New Delhi: India will need to add 35 GW of additional coal-based power generation capacity by FY32 to meet the peak power demand, the Central Electricity Authority (CEA) has said in its draft National Electricity Plan released on Monday. In the draft note, the CEA has forecasted the need to add 25.58 GW of coal-based capacity by FY27 and another 9.43 GW by FY32 to meet the projected peak power demand. The plan has projected India’s peak power demand at 272 GW for the year 2026-27 and 363 GW for the year 2031-32, respectively.
India’s total electrical energy requirement is expected to be at 1,874 BU in 2026-27 and at 2,538 BU in 2031-32.
India will need to add 58 GW of conventional power by FY32
The capacity addition required during 2022-27 to meet the peak demand and energy requirement for the year 2026-27 is 228.54 GW, comprising of 40.63 GW of conventional capacity addition (coal- 25,580 MW, gas- 370 MW and nuclear- 7,000 MW) and 187.909 GW of renewable-based capacity addition (large hydro-10,951 MW, solar- 1,32,080 MW, wind- 40,500 MW, Biomass- 2,318 MW, PSP- 2,700 MW), excluding 5,856 MW of likely hydro-based imports.
The capacity addition required during 2027-32 to meet the peak demand and energy requirement for the year 2031-32 is 243.04 GW comprising of 18.134 GW of conventional capacity addition (coal- 9,434 MW, nuclear- 8,700 MW) and 224.91 GW of renewable-based capacity addition (large hydro-10,888 MW, solar-147,400 MW, wind- 53,100 MW, including 43,100 MW of onshore and 10,000 MW of offshore, biomass- 1,500 MW, Pumped Storage Plants- 12,020 MW). This figure does not include 5,856 MW of likely hydro-based imports.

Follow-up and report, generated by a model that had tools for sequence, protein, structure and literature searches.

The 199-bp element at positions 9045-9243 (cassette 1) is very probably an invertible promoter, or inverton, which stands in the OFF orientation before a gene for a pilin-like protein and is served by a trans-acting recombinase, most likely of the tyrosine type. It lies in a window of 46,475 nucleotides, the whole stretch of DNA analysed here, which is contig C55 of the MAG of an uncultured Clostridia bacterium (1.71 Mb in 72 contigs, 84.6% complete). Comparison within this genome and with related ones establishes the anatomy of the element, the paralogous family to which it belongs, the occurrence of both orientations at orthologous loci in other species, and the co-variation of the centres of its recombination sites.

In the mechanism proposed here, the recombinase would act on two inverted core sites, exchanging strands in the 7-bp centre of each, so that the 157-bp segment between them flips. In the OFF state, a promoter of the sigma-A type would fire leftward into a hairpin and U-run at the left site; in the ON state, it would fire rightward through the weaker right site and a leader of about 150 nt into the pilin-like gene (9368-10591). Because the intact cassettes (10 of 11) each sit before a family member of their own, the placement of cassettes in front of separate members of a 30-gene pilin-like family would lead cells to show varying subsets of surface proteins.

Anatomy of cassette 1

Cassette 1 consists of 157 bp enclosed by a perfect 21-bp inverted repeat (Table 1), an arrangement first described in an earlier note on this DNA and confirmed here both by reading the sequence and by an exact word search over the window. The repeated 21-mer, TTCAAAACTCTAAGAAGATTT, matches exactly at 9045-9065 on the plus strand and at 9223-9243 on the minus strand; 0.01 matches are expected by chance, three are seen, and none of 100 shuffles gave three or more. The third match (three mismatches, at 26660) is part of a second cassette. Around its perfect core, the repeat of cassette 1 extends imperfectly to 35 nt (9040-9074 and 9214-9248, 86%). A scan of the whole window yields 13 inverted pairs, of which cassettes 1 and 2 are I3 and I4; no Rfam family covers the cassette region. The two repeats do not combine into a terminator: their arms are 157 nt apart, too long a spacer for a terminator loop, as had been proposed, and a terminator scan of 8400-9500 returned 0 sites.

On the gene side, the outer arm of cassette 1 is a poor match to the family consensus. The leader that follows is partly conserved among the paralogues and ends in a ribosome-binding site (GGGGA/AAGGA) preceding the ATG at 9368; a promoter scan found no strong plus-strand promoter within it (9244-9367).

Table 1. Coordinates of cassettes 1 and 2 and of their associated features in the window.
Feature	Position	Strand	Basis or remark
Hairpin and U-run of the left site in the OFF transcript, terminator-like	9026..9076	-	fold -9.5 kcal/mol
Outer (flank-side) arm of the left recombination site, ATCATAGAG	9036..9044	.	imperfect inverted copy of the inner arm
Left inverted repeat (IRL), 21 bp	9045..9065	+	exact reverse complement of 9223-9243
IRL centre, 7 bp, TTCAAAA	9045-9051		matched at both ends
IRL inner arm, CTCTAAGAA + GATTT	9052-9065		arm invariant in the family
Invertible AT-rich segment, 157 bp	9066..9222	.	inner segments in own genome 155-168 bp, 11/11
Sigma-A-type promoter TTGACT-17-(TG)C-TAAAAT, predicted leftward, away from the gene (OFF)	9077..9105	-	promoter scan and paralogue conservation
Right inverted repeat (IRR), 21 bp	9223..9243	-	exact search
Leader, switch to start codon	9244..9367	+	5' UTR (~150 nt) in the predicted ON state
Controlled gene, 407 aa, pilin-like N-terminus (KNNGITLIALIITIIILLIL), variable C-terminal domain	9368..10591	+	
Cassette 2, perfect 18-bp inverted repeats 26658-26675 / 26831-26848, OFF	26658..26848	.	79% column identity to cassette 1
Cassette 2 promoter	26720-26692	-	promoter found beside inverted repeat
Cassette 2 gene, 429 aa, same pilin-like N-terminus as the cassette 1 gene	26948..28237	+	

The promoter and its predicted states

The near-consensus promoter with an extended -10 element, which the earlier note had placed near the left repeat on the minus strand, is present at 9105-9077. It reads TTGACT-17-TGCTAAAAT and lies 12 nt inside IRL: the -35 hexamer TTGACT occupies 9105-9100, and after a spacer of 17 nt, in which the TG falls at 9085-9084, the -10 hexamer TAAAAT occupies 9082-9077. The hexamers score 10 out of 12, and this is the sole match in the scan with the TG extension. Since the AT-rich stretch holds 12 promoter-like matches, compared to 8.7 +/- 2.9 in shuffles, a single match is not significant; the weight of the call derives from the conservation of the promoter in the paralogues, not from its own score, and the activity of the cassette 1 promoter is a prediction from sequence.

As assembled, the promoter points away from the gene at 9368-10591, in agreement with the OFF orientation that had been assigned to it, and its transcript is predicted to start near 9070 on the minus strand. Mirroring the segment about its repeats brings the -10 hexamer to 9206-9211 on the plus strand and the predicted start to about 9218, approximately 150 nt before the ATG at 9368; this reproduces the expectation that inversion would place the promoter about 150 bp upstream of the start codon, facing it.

For the year 2021-22, the capacity addition achieved from conventional sources has been 30,667.91 MW, said the CEA. It added that as of March 31, 2022, India has achieved a cumulative installed renewable energy capacity (including large hydro) of 156.61 GW.
25.95 GW thermal power plants under construction in India
The total installed power generation capacity of the country is 398.986 GW (excluding 510 MW of diesel-based capacity), said the draft document. It comprises of 235.60 MW of thermal, 6.78 MW of nuclear and 156.607 GW of renewables.
Under-construction plants comprise 25.95 GW of thermal power, 10.90 GW of hydro power plants, 1,580 MW of Pumped Storage Plants (PSP) and 7,000 MW of nuclear power plants, said the CEA.
India’s total installed capacity to be 865.94 GW by FY32, including 500 GW RE: CEA
All-India installed capacity is likely to be 622.90 GW at the end of the year 2026-27 and 865.94 GW at the end of the year 2031-32. “The projection of total capacity addition are in line with the target of the country to achieve a non-fossil based installed capacity of 500 GW by the year 2029-30,” said the CEA.
“It is seen that apart from under-construction coal-based capacity of 25 GW, the additional coal-based capacity required till 2031-32 may vary from 17 GW to around 28 GW. It is also seen that the BESS (5-hour) requirement in 2031-32 is varying from 51 GW to 84 GW,” the CEA added.
Coal-based capacity PLF to go up to 62% by 2032
The average PLF of the total installed coal capacity of 239.3 GW was found to be about 55 percent in 2026-27, which is expected to rise to 62 percent in 2031-32, said the draft National Electricity Plan.
The domestic coal requirement in the year 2026-27 have been estimated as 831.5 Million Tonnes (MT) and in 2031-32 as 1,018.2 MT and imports by plants designed on imported coal to be 40 MT.
The average CO2 emission rate from coal-based stations in the country has been on a declining trend, indicating improvement in efficiency of power generation from such power plants, said the CEA. It added that the total CO2 emissions projected will increase from 910 MT in 2020-21 to 1,030 MT in the year 2026-27 and 1,180 MT in 2031-32. The average emission factor is expected to reduce to 0.524 kg CO2/kWh in the year 2026-27 and to 0.441 kg CO2/kWh by the end of 2031-32.
The CEA has sought comments from all stakeholders on the draft National Electricity Plan by December 5.
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